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The climate hazards infrared precipitation with stations—a new environmental record for monitoring extremes

Overview of attention for article published in Scientific Data, December 2015
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About this Attention Score

  • In the top 5% of all research outputs scored by Altmetric
  • High Attention Score compared to outputs of the same age (97th percentile)
  • High Attention Score compared to outputs of the same age and source (87th percentile)

Mentioned by

news
5 news outlets
blogs
3 blogs
policy
4 policy sources
twitter
14 tweeters
facebook
1 Facebook page

Citations

dimensions_citation
968 Dimensions

Readers on

mendeley
1399 Mendeley
citeulike
1 CiteULike
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Title
The climate hazards infrared precipitation with stations—a new environmental record for monitoring extremes
Published in
Scientific Data, December 2015
DOI 10.1038/sdata.2015.66
Pubmed ID
Authors

Chris Funk, Pete Peterson, Martin Landsfeld, Diego Pedreros, James Verdin, Shraddhanand Shukla, Gregory Husak, James Rowland, Laura Harrison, Andrew Hoell, Joel Michaelsen

Abstract

The Climate Hazards group Infrared Precipitation with Stations (CHIRPS) dataset builds on previous approaches to 'smart' interpolation techniques and high resolution, long period of record precipitation estimates based on infrared Cold Cloud Duration (CCD) observations. The algorithm i) is built around a 0.05° climatology that incorporates satellite information to represent sparsely gauged locations, ii) incorporates daily, pentadal, and monthly 1981-present 0.05° CCD-based precipitation estimates, iii) blends station data to produce a preliminary information product with a latency of about 2 days and a final product with an average latency of about 3 weeks, and iv) uses a novel blending procedure incorporating the spatial correlation structure of CCD-estimates to assign interpolation weights. We present the CHIRPS algorithm, global and regional validation results, and show how CHIRPS can be used to quantify the hydrologic impacts of decreasing precipitation and rising air temperatures in the Greater Horn of Africa. Using the Variable Infiltration Capacity model, we show that CHIRPS can support effective hydrologic forecasts and trend analyses in southeastern Ethiopia.

Twitter Demographics

The data shown below were collected from the profiles of 14 tweeters who shared this research output. Click here to find out more about how the information was compiled.

Mendeley readers

The data shown below were compiled from readership statistics for 1,399 Mendeley readers of this research output. Click here to see the associated Mendeley record.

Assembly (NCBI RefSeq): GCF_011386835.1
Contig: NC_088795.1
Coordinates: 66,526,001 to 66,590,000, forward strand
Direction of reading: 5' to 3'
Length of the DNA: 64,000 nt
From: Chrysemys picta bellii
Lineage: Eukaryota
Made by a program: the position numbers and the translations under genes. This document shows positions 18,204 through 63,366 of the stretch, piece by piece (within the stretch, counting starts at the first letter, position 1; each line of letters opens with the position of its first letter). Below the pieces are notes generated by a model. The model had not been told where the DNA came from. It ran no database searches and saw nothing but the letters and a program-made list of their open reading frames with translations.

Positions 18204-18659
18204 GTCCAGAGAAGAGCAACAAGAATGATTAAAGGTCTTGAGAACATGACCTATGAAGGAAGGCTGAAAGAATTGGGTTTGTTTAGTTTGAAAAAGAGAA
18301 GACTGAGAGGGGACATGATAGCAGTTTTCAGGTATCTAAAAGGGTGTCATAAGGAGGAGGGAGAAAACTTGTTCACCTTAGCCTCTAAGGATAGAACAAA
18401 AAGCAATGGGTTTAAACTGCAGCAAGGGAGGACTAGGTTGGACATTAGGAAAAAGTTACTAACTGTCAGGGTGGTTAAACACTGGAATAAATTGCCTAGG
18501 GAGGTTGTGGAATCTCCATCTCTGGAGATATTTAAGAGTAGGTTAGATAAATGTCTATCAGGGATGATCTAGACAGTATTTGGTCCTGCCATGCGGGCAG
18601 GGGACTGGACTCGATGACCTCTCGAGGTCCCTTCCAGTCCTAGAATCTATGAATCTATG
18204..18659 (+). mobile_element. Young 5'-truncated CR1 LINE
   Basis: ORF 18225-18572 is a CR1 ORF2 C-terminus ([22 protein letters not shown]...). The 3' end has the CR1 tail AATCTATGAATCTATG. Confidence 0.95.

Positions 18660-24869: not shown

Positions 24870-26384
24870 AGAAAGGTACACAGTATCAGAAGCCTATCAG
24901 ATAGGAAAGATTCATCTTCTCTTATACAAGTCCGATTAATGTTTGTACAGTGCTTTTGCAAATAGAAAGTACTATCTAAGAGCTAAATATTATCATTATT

Geographical breakdown

Country Count As %
United States 3 <1%
Spain 2 <1%
Argentina 2 <1%
Brazil 2 <1%
Australia 1 <1%
Kenya 1 <1%
Italy 1 <1%
Colombia 1 <1%
Portugal 1 <1%
Other 0 0%
Unknown 1385 99%

Demographic breakdown

Readers by professional status Count As %
Student > Ph. D. Student 294 21%
Student > Master 278 20%
Researcher 241 17%
Student > Bachelor 107 8%
Student > Doctoral Student 97 7%
Other 190 14%
Unknown 192 14%
Readers by discipline Count As %
Environmental Science 335 24%
Earth and Planetary Sciences 309 22%
Engineering 168 12%
Agricultural and Biological Sciences 140 10%
Social Sciences 29 2%
Other 107 8%
Unknown 311 22%

Attention Score in Context

This research output has an Altmetric Attention Score of 83. This is our high-level measure of the quality and quantity of online attention that it has received. This Attention Score, as well as the ranking and number of research outputs shown below, was calculated when the research output was last mentioned on 01 October 2020.
All research outputs
#275,510
of 16,167,996 outputs
Outputs from Scientific Data
#89
of 1,411 outputs
Outputs of similar age
#7,613
of 369,400 outputs
Outputs of similar age from Scientific Data
#7
of 55 outputs
Altmetric has tracked 16,167,996 research outputs across all sources so far. Compared to these this one has done particularly well and is in the 98th percentile: it's in the top 5% of all research outputs ever tracked by Altmetric.
So far Altmetric has tracked 1,411 research outputs from this source. They typically receive a lot more attention than average, with a mean Attention Score of 25.1. This one has done particularly well, scoring higher than 93% of its peers.
Older research outputs will score higher simply because they've had more time to accumulate mentions. To account for age we can compare this Altmetric Attention Score to the 369,400 tracked outputs that were published within six weeks on either side of this one in any source. This one has done particularly well, scoring higher than 97% of its contemporaries.
We're also able to compare this research output to 55 others from the same source and published within six weeks on either side of this one. This one has done well, scoring higher than 87% of its contemporaries.